In this close reading lesson, students will identify and describe story elements, determine the meaning of unknown words using context clues, and retell the major events in the story Sheila Rae, the Brave by Kevin Henkes. They will identify the central message in the story and write an opinion paragraph about the main characters as they explore the concept of bravery.
In this close reading lesson, students will read and reread the stories The Three Little Pigs and The True Story of the 3 Little Pigs. Students will complete a variety of activities to help them compare and contrast the two versions of the story and complete an opinion writing using the text.
In this lesson, students will use What Do You Do With A Tail Like This? by Steve Jenkins and Robin Page to identify the main topic and key details using the illustrations and text with teacher support, in pairs, and independently. Students will work to complete a 3-2-1 card, a group poster and presentation, as well as an independent explanatory writing to show their understanding of the main topic, subtopics, and key details.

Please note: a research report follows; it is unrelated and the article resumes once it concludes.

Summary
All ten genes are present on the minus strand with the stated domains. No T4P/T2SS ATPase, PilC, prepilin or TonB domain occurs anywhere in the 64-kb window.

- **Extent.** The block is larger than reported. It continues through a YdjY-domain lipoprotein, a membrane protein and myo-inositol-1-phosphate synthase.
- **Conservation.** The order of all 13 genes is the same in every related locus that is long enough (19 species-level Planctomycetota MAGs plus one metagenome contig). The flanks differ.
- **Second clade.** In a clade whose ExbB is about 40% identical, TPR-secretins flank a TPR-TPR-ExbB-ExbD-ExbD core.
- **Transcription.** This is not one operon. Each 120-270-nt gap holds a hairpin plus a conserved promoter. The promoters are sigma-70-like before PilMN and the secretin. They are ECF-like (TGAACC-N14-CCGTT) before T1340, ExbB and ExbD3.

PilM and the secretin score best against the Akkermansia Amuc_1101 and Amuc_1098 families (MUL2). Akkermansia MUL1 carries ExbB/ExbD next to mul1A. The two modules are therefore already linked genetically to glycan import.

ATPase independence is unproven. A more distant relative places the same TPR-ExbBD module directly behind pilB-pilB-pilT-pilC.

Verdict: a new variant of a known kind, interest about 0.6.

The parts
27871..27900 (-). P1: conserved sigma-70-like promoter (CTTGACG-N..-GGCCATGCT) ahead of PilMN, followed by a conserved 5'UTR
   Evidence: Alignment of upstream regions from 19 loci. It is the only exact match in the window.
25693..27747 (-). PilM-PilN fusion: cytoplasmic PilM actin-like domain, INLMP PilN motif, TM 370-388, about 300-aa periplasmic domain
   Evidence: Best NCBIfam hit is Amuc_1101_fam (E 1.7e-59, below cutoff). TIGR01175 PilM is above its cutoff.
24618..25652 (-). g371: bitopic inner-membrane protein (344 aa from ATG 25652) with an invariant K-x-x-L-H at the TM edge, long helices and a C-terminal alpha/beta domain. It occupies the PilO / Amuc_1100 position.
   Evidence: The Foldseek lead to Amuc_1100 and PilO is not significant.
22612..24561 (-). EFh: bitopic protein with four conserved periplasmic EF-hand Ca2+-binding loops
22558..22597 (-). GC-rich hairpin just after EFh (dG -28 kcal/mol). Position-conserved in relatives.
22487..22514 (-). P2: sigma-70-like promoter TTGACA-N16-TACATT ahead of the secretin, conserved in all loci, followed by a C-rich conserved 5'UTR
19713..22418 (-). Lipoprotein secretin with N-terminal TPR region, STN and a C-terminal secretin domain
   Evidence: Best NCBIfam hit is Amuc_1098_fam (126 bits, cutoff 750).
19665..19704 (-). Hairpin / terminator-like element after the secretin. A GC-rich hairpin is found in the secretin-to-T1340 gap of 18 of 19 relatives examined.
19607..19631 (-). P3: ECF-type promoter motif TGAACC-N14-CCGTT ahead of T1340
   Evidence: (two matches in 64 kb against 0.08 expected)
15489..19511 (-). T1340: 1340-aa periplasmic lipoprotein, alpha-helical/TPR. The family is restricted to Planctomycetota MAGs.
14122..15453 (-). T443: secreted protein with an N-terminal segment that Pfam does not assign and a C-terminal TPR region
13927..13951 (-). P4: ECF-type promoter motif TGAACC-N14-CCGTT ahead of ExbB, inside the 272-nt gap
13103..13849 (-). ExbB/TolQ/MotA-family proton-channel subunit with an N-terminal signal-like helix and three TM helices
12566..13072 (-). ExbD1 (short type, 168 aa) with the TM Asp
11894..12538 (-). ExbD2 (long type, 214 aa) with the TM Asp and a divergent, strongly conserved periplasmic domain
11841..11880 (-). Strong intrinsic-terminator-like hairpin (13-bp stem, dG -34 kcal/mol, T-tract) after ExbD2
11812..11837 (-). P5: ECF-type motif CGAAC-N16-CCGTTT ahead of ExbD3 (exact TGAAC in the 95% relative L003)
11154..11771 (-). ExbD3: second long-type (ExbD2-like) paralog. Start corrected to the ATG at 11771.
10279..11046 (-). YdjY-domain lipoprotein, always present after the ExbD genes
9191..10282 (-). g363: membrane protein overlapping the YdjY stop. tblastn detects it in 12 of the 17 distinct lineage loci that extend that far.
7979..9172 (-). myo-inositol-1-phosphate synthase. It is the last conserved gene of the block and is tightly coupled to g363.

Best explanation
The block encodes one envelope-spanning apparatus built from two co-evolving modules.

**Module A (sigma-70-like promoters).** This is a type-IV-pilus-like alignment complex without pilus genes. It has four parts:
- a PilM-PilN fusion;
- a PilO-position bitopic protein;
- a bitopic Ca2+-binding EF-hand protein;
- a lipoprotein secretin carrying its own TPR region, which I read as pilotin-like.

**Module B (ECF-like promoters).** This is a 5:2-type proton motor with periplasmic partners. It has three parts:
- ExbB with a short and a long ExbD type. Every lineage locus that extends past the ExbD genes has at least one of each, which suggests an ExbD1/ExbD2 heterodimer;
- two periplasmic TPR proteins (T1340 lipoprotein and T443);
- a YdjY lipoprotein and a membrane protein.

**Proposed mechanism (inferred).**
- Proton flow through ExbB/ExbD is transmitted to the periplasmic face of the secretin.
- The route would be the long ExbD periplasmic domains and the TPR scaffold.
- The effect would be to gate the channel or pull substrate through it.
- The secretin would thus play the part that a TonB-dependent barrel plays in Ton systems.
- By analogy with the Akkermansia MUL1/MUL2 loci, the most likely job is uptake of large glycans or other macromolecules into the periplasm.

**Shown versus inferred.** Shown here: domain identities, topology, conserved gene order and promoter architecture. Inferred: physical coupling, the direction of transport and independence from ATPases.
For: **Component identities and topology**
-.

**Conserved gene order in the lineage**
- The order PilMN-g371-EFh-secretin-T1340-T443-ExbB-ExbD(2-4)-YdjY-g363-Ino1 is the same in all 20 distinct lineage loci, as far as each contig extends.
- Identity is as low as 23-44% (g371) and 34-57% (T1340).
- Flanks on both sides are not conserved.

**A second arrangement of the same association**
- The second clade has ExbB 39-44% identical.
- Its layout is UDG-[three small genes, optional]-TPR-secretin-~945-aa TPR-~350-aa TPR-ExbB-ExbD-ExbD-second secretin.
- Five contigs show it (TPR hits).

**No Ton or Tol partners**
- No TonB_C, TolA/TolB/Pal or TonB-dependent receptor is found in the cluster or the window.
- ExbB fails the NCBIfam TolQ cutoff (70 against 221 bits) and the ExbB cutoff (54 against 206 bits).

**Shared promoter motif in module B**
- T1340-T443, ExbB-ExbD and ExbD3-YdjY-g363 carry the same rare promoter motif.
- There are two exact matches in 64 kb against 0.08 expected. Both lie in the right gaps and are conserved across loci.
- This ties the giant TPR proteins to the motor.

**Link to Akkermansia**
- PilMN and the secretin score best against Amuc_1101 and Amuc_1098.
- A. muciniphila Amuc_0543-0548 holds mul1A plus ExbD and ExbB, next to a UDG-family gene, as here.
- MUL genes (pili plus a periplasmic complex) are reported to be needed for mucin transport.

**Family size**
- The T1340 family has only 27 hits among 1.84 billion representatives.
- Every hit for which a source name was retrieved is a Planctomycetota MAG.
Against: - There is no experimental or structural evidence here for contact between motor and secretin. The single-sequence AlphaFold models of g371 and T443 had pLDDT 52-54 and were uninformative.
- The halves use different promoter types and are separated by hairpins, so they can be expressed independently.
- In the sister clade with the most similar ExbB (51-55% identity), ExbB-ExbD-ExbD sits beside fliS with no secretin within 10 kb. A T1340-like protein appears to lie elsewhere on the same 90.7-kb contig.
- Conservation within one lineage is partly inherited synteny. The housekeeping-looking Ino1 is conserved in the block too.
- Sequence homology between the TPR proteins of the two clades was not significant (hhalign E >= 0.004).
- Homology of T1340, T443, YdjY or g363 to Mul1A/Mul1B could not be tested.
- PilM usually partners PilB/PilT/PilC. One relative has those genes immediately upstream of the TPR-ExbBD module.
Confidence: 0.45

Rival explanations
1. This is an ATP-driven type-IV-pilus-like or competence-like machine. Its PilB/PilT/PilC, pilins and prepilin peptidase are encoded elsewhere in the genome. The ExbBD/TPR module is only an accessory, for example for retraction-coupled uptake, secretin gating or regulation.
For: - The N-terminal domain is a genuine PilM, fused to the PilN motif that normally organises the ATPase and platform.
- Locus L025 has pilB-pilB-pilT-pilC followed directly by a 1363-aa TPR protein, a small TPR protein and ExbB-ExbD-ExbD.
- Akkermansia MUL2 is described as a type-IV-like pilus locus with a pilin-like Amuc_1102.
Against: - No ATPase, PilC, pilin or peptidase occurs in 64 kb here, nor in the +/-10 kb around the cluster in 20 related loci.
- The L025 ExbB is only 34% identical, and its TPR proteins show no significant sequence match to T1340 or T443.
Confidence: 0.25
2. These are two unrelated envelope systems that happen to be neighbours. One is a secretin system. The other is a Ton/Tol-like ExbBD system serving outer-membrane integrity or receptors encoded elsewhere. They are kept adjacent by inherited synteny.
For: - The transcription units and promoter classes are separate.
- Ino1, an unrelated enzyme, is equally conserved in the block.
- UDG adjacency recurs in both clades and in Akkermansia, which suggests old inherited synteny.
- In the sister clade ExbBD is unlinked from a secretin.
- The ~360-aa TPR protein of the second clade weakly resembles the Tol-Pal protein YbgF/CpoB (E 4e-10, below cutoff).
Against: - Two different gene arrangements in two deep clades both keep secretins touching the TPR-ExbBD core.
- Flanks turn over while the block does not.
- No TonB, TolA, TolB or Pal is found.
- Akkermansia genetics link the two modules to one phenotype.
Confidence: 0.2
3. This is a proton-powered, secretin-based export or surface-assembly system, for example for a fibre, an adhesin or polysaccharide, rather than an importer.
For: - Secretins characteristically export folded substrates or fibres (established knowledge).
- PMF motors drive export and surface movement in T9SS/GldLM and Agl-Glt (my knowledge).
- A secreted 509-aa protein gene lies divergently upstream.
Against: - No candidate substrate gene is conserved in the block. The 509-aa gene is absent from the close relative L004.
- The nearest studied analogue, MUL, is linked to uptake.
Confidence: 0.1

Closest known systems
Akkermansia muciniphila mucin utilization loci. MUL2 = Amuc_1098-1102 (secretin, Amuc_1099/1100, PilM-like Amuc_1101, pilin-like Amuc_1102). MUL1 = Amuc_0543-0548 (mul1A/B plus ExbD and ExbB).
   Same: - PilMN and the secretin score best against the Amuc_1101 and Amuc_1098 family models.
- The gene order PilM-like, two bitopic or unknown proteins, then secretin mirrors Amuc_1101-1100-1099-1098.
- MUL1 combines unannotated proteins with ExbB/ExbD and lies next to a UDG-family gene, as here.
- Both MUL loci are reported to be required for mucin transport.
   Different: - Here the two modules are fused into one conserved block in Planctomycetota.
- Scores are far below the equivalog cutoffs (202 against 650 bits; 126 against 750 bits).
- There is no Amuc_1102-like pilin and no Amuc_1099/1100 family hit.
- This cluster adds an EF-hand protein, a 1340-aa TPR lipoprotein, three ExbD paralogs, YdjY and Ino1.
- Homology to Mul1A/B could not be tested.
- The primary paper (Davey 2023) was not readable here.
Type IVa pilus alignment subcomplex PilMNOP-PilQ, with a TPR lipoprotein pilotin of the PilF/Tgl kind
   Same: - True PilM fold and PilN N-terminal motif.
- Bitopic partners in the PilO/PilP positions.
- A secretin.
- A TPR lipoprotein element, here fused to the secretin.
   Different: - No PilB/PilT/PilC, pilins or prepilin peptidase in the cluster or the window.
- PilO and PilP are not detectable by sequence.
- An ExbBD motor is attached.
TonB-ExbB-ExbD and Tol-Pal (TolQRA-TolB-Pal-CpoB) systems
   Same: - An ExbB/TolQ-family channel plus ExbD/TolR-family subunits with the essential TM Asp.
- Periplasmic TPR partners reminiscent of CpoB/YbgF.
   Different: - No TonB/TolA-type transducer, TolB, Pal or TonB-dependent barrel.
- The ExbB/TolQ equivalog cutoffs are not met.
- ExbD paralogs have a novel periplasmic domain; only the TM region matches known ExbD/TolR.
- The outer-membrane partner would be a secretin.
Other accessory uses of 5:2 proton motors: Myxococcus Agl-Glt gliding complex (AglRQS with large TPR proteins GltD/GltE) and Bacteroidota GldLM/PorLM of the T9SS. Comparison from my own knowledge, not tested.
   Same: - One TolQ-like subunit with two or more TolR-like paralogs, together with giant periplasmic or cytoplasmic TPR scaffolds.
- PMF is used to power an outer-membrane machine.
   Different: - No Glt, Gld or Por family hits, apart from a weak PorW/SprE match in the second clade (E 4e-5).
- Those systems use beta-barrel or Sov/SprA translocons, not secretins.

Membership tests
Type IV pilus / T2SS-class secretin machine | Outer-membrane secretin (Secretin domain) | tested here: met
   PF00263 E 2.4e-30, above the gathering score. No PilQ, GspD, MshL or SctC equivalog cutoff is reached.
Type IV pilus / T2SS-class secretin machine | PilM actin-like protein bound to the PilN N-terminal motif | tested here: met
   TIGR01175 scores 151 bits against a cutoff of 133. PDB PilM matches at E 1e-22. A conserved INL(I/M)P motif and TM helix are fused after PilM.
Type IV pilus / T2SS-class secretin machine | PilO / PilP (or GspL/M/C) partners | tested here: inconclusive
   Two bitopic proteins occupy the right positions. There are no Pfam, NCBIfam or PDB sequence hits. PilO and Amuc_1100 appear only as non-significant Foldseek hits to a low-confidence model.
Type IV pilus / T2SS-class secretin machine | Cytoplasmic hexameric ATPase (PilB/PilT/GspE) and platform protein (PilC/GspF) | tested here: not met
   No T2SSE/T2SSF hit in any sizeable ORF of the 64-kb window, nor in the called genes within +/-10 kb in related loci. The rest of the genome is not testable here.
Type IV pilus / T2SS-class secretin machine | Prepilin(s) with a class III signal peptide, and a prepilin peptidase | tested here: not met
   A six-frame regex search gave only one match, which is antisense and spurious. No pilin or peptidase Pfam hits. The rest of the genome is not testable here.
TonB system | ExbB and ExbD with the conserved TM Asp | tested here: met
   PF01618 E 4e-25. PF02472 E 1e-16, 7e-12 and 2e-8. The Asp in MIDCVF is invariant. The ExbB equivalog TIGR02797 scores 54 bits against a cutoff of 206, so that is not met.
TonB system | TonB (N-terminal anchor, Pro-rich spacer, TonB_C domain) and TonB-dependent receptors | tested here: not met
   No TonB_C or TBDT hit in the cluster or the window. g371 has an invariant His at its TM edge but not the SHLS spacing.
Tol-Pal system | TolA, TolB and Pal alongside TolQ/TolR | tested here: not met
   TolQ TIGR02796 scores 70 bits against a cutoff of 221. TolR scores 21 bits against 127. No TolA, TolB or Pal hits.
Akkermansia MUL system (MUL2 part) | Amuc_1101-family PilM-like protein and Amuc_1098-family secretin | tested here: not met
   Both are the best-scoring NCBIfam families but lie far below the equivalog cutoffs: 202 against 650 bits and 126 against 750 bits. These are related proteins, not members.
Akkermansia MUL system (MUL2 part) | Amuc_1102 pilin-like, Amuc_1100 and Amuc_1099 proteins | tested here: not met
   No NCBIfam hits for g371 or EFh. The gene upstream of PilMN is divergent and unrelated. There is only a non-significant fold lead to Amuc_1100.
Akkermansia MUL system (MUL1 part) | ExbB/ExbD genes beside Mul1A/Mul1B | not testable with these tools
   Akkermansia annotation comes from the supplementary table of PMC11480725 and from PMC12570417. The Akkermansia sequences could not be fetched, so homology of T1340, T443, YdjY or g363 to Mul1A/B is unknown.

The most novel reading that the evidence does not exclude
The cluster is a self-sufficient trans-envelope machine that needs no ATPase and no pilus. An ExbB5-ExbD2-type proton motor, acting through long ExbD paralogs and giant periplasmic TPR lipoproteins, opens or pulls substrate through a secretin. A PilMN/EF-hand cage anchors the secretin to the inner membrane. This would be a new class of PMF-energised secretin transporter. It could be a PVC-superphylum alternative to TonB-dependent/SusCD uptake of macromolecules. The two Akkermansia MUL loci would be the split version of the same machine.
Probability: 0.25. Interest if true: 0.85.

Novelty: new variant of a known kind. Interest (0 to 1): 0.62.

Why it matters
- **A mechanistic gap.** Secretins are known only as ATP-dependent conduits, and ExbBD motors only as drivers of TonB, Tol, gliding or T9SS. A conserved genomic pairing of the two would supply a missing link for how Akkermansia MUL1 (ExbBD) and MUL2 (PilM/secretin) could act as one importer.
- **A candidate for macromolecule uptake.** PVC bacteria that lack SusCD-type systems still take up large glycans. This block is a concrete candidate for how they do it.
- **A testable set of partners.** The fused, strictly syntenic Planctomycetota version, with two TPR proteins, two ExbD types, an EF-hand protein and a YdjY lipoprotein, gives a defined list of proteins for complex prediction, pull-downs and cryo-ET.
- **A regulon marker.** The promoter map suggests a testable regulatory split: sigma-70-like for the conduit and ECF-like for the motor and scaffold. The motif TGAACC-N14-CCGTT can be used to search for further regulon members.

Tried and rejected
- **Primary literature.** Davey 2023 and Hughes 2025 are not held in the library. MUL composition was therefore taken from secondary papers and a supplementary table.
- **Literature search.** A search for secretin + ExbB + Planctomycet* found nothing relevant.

In this lesson, the teacher will guide the students through a series of close reads of Katy No-Pocket by Emmy Payne. This will be done as a read-aloud. Through separate readings of the book, students will identify vocabulary, practice identifying story elements, and analyze characters in the story. For independent practice, students will retell the story and write a narrative that offers a different solution to the main character's problem.
This is a close reading lesson using the book What Do You Do with a Tail Like This? by Steve Jenkins and Robin Page. In three readings of the book, students will ask and answer questions about the text, make text-to-self connections, and record new learning. For the summative assessment, students will gather additional information about their selected animal and write an informative paper.
In this close reading lesson, students will analyze two characters from the same book, Toot and Puddle, and identify their similarities and differences. Students will compare themselves to one of the characters and write a paragraph describing their chosen character.